Geekery, Programming

Perhaps it is because of the recent slew of high profile SQL injection attacks, or perhaps because it was just finally time to bite the bullet and make the switch. PHP internal emails have revealed that there is finally an official movement to deprecate the ext/mysql and mysql_* family of functions from PHP.

For me, this couldn’t have come any sooner. Although the community has been advocating a change for a long time, much of the documentation and tutorials that exist on the Internet still point to using mysql_* functions instead of their more current alternatives. Many times throughout the day, nearly every day, new PHP developers ask questions in the ##php IRC chat on irc.freenode.net and are delivered a swift !+mysql is old indicating that:

mysql_* functions are no longer recommended for new development. For new projects use mysqli (php.net/mysqli) or PDO (php.net/PDO). The MySQL developers developed guidelines and a script for migrating your code http://forge.mysql.com/wiki/Converting_to_MySQLi. Most people here will recommend PDO: http://wiki.hashphp.org/PDO_Tutorial_for_MySQL_Developers

You can find the full email if you want to see the text in it’s entirety but the main points for suggesting things move along are:

  • Softly deprecate ext/mysql with education (docs) starting today
  • Not adding E_DEPRECATED errors in 5.4, but revisit for 5.5/6.0
  • Add pdo_mysql examples within the ext/mysql docs that mimic the current examples, but occasionally introduce features like prepared statements
  • Focus energy on cleaning up the pdo_mysql and mysqli documentation
  • Create a general “The MySQL situation” document that explains the situation

Which should you choose? Should you use PDO or mysqli?

The personal preference of this author is definitely PDO. The possibility of interoperability with other databases is nice, but ability to use exceptions to handle issues with the database is really the selling point for me. Exception handling and other features means that PDO is recommended more often than mysqli_* functions for new development. This is reflected in responses to the mailing list.

To educate yourself on the issue, you can check out additional information about the differences between the options in the PHP manual. For a quick overview, the table near the bottom of the page in the manual is a nice, quick reference:

  PHP's mysqli Extension PDO (Using PDO MySQL Driver and MySQL Native Driver) PHP's MySQL Extension
PHP version introduced 5.0 5.0 Prior to 3.0
Included with PHP 5.x yes yes Yes
MySQL development status Active development Active development as of PHP 5.3 Maintenance only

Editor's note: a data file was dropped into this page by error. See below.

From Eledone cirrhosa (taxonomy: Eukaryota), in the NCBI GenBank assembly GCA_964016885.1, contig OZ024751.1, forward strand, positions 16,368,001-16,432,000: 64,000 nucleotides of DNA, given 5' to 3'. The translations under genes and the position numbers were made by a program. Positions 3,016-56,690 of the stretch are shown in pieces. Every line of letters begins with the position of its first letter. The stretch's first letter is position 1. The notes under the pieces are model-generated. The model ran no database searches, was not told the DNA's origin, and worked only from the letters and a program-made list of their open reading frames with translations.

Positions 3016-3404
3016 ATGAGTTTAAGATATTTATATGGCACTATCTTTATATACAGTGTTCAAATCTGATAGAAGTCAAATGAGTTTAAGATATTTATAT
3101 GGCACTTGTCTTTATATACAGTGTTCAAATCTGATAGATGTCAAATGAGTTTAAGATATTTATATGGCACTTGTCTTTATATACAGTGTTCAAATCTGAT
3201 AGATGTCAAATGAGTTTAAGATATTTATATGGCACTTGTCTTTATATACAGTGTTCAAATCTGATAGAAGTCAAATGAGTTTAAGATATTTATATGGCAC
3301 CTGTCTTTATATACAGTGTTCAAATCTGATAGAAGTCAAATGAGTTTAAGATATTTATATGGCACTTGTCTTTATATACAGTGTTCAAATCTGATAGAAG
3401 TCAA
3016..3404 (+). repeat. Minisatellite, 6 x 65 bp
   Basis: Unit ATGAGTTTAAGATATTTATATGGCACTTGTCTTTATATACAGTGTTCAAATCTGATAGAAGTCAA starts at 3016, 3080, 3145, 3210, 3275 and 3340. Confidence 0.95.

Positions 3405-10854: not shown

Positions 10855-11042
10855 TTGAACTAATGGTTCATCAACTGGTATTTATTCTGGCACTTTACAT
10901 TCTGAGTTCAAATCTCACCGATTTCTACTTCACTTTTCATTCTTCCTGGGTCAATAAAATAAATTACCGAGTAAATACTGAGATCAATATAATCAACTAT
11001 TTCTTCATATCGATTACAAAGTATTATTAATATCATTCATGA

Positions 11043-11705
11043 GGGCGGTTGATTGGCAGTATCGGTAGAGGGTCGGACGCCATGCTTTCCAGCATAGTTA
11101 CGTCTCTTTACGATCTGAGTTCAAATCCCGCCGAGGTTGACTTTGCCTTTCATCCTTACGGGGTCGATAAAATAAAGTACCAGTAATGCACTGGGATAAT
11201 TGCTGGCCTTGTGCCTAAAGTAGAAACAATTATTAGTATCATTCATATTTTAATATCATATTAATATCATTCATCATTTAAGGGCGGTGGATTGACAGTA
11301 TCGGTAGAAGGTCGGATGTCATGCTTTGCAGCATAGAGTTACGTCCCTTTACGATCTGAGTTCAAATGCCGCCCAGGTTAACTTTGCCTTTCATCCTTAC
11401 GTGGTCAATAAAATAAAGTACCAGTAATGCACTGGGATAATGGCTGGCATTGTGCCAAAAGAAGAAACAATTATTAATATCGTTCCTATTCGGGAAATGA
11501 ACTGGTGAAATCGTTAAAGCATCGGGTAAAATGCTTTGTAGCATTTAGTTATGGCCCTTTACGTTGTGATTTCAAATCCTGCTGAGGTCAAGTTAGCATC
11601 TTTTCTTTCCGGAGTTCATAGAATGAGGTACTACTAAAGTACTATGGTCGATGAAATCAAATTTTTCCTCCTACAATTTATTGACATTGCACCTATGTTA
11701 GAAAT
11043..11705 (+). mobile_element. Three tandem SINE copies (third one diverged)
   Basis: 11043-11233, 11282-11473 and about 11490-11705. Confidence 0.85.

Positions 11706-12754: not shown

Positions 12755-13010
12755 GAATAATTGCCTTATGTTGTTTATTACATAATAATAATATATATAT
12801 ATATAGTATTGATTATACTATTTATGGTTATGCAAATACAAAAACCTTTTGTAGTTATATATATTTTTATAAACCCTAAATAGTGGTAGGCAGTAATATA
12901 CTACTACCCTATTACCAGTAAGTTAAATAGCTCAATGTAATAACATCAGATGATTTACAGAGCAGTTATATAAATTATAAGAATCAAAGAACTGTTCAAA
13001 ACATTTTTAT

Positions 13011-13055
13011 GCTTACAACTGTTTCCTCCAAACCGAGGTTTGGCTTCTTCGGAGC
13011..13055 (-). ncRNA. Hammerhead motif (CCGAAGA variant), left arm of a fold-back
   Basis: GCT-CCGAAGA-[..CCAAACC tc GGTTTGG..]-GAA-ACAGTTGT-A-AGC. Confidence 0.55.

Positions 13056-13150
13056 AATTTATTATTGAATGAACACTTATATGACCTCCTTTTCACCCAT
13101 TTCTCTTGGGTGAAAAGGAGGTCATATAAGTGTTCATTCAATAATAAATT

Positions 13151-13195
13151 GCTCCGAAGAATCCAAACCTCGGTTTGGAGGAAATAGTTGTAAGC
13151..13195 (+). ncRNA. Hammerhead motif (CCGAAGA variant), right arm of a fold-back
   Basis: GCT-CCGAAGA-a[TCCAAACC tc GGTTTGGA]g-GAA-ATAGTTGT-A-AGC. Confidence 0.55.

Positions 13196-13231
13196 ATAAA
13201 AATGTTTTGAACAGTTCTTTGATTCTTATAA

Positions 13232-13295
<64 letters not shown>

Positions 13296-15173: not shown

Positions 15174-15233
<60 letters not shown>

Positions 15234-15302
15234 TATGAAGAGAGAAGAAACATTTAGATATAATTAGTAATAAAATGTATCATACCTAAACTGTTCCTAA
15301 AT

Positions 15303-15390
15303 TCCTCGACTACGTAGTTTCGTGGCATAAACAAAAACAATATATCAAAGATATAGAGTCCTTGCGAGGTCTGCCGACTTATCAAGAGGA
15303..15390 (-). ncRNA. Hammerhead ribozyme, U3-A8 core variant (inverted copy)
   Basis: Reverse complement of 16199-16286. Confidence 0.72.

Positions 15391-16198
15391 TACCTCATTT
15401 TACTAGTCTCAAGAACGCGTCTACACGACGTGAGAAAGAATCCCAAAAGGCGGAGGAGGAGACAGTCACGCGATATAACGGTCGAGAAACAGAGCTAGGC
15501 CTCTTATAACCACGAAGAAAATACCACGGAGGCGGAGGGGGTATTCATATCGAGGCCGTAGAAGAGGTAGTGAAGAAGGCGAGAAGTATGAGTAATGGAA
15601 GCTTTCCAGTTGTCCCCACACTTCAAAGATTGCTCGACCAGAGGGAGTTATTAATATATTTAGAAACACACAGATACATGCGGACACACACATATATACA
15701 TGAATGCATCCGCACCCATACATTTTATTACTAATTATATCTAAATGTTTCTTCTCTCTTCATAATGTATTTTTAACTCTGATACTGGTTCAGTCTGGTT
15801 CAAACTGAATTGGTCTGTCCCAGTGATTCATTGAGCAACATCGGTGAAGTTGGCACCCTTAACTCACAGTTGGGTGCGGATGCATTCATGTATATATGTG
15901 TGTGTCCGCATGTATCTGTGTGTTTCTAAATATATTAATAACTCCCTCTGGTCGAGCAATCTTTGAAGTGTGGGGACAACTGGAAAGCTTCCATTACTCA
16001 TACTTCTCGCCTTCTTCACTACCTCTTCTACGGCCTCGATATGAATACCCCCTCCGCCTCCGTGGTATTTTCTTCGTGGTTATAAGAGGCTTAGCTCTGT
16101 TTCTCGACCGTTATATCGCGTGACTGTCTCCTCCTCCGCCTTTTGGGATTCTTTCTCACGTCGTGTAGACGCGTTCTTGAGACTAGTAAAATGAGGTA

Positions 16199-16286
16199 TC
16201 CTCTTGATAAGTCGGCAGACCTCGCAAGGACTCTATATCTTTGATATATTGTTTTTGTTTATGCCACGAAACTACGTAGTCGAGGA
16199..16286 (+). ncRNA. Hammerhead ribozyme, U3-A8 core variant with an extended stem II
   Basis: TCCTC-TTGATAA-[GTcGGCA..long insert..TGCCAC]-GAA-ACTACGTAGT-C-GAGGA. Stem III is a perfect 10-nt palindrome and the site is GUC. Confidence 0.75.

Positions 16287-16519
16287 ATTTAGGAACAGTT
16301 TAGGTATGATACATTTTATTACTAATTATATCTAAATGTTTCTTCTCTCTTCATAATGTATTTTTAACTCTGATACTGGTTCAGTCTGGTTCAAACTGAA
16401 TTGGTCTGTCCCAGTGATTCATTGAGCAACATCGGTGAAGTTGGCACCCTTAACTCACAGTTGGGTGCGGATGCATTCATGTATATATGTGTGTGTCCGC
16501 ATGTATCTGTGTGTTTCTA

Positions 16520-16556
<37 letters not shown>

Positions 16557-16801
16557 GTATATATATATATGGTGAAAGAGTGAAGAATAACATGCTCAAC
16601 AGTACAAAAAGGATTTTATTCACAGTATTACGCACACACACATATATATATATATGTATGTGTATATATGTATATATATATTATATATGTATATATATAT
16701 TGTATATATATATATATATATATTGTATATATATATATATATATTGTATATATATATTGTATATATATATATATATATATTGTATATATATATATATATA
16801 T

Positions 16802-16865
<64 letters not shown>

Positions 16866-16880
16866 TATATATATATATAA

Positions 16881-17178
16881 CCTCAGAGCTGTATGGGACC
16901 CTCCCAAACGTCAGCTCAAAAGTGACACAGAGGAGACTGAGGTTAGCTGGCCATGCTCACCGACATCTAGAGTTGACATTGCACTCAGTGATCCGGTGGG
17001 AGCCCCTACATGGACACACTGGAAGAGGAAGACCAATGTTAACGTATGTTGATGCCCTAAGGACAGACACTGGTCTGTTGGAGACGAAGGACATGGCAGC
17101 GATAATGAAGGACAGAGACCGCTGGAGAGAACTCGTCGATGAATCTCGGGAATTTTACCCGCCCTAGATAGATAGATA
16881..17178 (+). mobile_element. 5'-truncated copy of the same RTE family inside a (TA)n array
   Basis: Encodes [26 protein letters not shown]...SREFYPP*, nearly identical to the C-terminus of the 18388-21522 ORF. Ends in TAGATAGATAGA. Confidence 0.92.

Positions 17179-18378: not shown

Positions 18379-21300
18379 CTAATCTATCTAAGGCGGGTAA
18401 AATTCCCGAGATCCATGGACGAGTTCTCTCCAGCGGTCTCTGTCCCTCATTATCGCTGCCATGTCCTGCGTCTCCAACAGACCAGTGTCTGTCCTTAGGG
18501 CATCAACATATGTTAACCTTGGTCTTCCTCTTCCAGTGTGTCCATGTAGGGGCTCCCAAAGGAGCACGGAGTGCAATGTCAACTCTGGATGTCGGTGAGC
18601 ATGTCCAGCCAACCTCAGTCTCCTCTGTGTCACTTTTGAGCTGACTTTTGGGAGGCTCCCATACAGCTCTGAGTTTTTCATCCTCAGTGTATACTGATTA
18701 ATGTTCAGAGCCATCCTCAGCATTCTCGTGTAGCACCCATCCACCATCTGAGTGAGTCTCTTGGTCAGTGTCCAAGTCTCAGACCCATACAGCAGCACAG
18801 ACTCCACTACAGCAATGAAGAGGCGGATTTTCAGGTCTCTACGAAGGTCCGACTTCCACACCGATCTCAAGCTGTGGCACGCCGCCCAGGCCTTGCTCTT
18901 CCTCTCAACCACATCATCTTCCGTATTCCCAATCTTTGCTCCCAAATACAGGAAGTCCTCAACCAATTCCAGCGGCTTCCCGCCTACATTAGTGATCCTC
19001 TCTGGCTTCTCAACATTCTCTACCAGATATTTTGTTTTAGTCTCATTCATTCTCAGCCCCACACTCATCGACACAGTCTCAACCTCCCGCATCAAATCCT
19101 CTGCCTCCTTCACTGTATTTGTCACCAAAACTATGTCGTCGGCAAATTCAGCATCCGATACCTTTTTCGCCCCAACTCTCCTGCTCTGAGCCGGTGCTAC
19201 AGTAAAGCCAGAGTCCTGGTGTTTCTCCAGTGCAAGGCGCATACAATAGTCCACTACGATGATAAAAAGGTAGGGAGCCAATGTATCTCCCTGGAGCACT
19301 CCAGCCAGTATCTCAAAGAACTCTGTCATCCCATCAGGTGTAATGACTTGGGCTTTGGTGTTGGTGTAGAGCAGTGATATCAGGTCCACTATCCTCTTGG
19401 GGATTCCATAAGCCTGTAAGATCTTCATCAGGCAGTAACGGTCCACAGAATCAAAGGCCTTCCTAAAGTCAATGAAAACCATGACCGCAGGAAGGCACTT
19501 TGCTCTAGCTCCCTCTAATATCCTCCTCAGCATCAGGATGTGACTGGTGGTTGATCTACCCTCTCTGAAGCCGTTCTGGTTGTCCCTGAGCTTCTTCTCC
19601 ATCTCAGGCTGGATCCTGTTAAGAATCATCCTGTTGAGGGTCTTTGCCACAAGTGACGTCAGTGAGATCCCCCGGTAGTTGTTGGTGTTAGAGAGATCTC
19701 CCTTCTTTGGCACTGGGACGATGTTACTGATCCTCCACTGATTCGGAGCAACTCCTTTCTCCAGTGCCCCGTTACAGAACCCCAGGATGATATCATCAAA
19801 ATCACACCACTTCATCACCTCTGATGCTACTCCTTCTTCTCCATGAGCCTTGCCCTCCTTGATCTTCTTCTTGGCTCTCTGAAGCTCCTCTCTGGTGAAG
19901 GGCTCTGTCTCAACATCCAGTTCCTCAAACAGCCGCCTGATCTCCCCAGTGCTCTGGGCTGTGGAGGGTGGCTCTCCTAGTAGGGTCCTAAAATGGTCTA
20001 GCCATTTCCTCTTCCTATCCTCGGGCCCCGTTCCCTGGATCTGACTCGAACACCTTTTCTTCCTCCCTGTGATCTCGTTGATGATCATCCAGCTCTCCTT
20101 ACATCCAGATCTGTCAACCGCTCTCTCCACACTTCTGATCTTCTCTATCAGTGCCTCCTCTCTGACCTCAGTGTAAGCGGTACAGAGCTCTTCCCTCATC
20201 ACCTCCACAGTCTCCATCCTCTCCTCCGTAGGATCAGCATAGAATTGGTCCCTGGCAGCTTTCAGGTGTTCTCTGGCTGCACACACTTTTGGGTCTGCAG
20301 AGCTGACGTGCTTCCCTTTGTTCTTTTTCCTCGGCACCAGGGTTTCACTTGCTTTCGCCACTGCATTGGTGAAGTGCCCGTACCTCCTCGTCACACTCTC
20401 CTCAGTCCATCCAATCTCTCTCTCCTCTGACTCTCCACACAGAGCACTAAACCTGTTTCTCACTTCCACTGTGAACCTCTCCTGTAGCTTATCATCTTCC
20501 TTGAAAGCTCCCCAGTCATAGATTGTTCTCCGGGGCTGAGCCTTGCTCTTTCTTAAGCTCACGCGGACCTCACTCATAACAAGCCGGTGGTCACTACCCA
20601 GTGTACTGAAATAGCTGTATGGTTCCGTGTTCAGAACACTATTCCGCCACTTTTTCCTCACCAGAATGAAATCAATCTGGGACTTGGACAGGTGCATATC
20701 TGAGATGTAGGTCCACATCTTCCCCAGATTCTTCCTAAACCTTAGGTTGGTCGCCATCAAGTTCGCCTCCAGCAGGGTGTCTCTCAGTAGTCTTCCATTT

Recommended by MySQL for new projects Yes – preferred option Yes No
API supports Charsets Yes Yes No
API supports server-side Prepared Statements Yes Yes No
API supports client-side Prepared Statements No Yes No
API supports Stored Procedures Yes Yes No
API supports Multiple Statements Yes Most No
Supports all MySQL 4.1+ functionality Yes Most No

However, my opinion and the opinion of other PHP developers on the matter, may not make a huge difference when it comes to future development. Johannes Schlüter, an engineer on the MySQL/Oracle team, responded to the PHP mailing list with some interesting information about which direction their team is headed:

I’m not sure the current PDO is “the” alternative. We (= MySQL/ORACLE) focus mostly on mysqli, that’s the extension providing access to all current and future features of MySQL. True, many features could be added to PDO but there are two design decision in PDO which make this bad:

  • The parser used for identifying statement place holders is very basic, as it is implemented in PDO core, not the drivers, which leads to FRs like #54929 or the famous LIKE issue.
  • driver-specific functions are implemented by using __call() which means there is no good introspection mechanism to check whether a feature is available or not in the current setup.

Besides these two items there are every now and then reports on PDO_mysql which in fact are caused by limitations in the PDO design which can’t be bypassed by the driver implementation.

A good abstraction layer would certainly be good for the language but for now we (=MySQL/ORACLE) consider mysqli the preference.

It sounds like we will have to wait and see which will be the accepted alternative for future development (if any is ever considered accepted). A huge tipping point would be adding exception handling in the mysqli_* family of functions but that doesn’t appear to be an important development direction at the moment. For now, I will continue to happily use PDO and await the day for users to start wondering why most of the MySQL/PHP tutorials on the web are throwing E_DEPRECATED warnings.

For more information about converting your code to use the new libraries or to learn about them, consider the following links:

It’s about time.

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